This morning I got a root canal. I slipped and banged one of my front teeth on an icy driveway about 16 years ago; as the result of some endodontical phenomena the tooth has been getting darker and recently had darkened enough for me to feel compelled to get it checked out. I saw a dentist last week and he referred me to a specialist. I learned a little bit about what was to be done before going in for the procedure but was largely ignorant about the process.
After the specialist confirmed that I did indeed need a root canal, he stuck a bite guard in my mouth and told me that often the hardest part about the procedure is keeping the mouth open wide for an extended period of time. He said the procedure was similar to a filling and many patients fall asleep in the middle of it. I haven’t had a filling in about 15 years and the guy who did it my family nicknamed Dr Hurt, so although my dentist today didn’t know it, comparing the impending procedure to a filling was pretty terrifying…and at no time in the past when receiving a filling was I ever close to nodding off. Dr Hurt earned his reputation. He once told me to raise my arm when the pain was getting unbearable and then after I raised my arm the first time proceeded to tell me to put my arm down, that I needed to be willing to bear a little pain. That said, I like to think I’m pretty tough so I played it cool.
Next came a topical treatment. While it was being applied the dentist asked if I live near Emory since I had told him my wife and I moved to Atlanta so she could go to graduate school there. Not sure if he expected a response in sign language or he can interpret English spoken from a pried open mouth, but I managed to get out “Hih-uh, neeaah heeah.” He had no problem deciphering the meaning, saying “Ah, the North Buckhead, Sandy Springs area or whatever they’re calling it this week.” Not exactly, but I would’ve grunted in agreement if he named a city within 50 miles of my house so as to avoid any other attempt at conversation. The dentist got the hint and moved on to the local anesthesia administered by needle. He warned me with the famous “ok, now a little pinch”. It hurt like a son of a gun. Then he moved to the back of the mouth and apologized saying the next stick would hurt even more. True. As the last two or three shots were given tears welled up in my eyes and started to make their way down the sides of my face. I felt like a class-A wuss. But no joke, it hurt. Almost immediately the pain from the sticks subsided and the demo began.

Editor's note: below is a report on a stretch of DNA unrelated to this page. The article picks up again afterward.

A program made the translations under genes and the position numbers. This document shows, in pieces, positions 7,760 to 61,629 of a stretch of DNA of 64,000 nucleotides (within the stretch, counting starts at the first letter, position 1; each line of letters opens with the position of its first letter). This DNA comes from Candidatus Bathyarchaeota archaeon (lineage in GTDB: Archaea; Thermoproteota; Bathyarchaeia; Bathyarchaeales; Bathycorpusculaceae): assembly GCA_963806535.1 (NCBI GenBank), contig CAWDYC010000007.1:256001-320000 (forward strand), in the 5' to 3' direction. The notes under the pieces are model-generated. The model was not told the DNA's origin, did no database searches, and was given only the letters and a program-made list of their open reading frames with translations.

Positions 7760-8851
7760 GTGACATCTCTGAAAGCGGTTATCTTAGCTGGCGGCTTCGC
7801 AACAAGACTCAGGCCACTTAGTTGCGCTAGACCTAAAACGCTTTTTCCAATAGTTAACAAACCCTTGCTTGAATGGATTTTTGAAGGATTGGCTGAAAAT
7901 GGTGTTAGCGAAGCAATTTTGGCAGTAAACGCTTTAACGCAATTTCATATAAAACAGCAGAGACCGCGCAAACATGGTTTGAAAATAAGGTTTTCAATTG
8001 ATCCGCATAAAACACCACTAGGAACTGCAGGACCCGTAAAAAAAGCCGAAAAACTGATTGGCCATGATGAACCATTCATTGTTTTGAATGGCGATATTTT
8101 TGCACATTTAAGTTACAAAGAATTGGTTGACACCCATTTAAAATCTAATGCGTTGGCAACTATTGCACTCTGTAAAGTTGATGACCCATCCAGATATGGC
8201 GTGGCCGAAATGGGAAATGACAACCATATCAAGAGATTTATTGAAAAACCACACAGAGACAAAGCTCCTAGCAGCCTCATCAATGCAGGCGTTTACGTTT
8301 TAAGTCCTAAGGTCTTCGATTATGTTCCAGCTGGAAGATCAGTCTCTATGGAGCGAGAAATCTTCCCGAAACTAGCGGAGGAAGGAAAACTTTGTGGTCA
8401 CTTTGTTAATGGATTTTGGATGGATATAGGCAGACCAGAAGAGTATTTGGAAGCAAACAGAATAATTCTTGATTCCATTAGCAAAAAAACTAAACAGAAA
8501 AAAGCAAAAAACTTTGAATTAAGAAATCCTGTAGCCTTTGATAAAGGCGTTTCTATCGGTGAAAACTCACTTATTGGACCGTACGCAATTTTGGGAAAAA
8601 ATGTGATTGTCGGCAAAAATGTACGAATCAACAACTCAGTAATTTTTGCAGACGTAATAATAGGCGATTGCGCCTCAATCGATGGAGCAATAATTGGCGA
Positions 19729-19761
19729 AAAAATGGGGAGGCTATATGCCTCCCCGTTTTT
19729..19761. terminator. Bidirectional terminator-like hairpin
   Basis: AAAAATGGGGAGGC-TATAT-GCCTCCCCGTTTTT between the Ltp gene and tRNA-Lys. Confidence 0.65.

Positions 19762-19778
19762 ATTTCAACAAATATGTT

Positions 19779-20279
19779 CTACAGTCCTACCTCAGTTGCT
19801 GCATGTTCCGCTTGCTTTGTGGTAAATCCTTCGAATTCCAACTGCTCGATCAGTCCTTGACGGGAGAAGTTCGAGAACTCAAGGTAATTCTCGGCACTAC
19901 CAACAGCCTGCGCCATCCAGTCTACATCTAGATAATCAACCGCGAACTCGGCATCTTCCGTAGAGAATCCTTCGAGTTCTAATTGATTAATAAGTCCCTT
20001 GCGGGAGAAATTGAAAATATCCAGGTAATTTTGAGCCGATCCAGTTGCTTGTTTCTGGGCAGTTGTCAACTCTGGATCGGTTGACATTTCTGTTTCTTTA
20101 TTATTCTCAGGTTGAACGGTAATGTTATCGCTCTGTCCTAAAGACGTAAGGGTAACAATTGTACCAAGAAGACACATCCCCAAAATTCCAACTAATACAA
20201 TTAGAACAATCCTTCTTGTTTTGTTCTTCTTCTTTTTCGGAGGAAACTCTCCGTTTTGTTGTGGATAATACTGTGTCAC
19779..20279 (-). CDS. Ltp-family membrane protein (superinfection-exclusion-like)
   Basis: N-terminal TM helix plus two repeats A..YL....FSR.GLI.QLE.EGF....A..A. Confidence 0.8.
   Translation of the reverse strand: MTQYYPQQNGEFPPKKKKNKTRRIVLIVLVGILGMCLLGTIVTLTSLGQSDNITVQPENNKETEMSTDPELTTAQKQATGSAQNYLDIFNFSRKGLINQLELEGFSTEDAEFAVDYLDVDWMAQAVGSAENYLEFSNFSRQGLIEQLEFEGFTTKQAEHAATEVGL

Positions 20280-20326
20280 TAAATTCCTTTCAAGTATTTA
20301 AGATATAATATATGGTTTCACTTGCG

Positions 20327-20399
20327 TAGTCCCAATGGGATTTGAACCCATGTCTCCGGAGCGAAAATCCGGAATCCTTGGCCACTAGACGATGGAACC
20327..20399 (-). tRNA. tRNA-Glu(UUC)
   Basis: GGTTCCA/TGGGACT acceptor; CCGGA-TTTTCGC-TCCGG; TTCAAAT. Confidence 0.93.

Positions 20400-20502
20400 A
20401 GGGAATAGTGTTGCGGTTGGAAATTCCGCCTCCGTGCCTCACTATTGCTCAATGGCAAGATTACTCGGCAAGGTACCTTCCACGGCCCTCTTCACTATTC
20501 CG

The dentist broke out his drill, mini circular saw and other dastardly tools that he used to presumably dig a canal in tooth #8. Fortunately the assistant had equipped me with protective glasses because throughout the morning my face was being coated with what I pictured was shrapnel as sounds that ranged from the work of chainsaws and circular saws to the communication between R2-D2 and C-3PO emanated from my mouth. I wished I had asked how long the procedure was going to take but then realized I had no way to tell how much time had passed. I was in a vacuum, not terribly uncomfortable but definitely not even considering a little nappy. Eventually the work was done and a new X-ray was taken. The new canal looked pretty darn good. Now I am in the recovery stage. The anesthesia has not worn off so I am feeling a bit like Kramer in The Jimmy episode without the silly shoes.